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Soul Capture 金沙·找魂

June 12, 2011
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Event: Soul Capture 金沙·找魂
Series: The Singapore Arts Festival 2011
Performed by: T’ang Quartet (Singapore)
Composed by:
Hu Xiao-Ou
Dates: 31 May & 1 June 2011
Venue: SOTA Concert Hall

In line with the “I Want to Remember” theme of the Arts Festival, “Soul Capture“, or the more aptly put Chinese title 《金沙·找魂》, attempts to bring us back to the lost civilisation of the Shu kingdom more than 3,000 years ago, and to capture the soul of the lost age, found in the ruins of Jinsha.

I’m not sure if you remember the “Mystery Men: Finds from China’s Lost Age” exhibition held in Singapore at the Asian Civilisation Museum in 2007. The piece was inspired by this same civilisation that was discovered in 1986 by some brickyard workers in Sichuan. The site called Sanxingdui, was located about 40km from Chengdu, the capital of Sichuan. I shan’t go into archaeological details since you can probably google more about it.

Soul Capture comprises six movements: 1) “Sun Birds 《太阳鸟》”; 2) “The Voice Faraway 《遥远的声音》”; 3) “Birds, Masks and Qing 《飞鸟、面具和磬》”; 4) “Rotating Totem 《旋转的图腾》”; 5) “A Drinking Song of Sacrifice 《祭祀酒歌》”; and 6) “Secret Voice 《弦外之音》”.

The T’ang Quartet, one of the most recognised Singapore string quartet, put up an excellent performance with their virtuosity, even doubling up as percussionists when the score called for it. As pointed out during the post-show dialogue, some parts were actually open for improvisation (I would say similar to a cadenza?), like the solo portion played by Leslie on his cello, not to mention the feeds that were mixed and reproduced into new sounds that fed back into the performance. As one of the viewers said, she couldn’t tell which were the parts improvised and which were not. In any case, I felt the quartet infused part of their own interpretation of the piece, but still kept to what the composer intended.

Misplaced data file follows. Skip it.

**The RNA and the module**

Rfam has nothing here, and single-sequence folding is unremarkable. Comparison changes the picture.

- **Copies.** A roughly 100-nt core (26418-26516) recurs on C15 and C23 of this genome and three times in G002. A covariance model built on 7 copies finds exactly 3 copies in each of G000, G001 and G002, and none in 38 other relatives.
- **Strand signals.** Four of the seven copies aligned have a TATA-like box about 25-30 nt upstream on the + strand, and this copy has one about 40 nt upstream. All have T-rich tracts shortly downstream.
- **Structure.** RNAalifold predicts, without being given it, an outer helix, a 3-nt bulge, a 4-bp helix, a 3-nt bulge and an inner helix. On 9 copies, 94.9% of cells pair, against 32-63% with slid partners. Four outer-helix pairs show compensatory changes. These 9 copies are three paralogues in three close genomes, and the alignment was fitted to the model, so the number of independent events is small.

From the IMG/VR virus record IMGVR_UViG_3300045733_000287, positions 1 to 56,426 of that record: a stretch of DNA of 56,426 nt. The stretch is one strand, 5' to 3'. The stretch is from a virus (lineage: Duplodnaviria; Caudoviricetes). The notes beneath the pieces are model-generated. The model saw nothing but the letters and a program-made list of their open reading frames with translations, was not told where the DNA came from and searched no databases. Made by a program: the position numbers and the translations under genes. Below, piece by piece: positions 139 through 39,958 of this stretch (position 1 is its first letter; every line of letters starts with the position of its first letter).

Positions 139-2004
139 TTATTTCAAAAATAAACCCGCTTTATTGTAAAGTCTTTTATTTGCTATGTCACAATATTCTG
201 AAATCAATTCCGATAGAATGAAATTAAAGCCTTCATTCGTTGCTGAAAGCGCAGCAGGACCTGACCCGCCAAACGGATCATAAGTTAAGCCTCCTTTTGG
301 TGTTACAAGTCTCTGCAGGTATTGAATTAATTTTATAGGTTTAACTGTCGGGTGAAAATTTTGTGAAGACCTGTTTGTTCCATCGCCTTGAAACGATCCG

Now, about the music. I’m still learning to “appreciate” fusion music and may not be a good judge of it, and so this performance was to me, a form of new Asian music. An interesting blend of of western and Chinese instruments, including instruments from minority groups. Example, there were points that the cello was played almost like a pipa. From what I gathered during the dialogue, the composer Hu Xiao-Ou did not seek a particular “resemblance”, except the use of sound samples for reference. For a fact, the actual music played in the lost age was unknown, and could only be expressed in his own interpretation. The first few movements provided me with a sense of mystique. You could almost imagine the spirits of the past being conjured up and as unknown as the people of this lost age were, so the music depicted the sense of mystery surrounding this race. I did encounter some familiarity in the Drinking Song, where a somewhat familiar folk song was played…at least a distinct rhythm and melody was heard. Only in the last movement did I somehow fail to be engaged as I lost my concentration and drifted off to another land.

(side note: I was very grateful for the upgrade of seats (quite centralised), mainly because the circle seats entrance were not opened for the night. And , no offense, but the facilitator for the post-show dialogue was a little disruptive at points)

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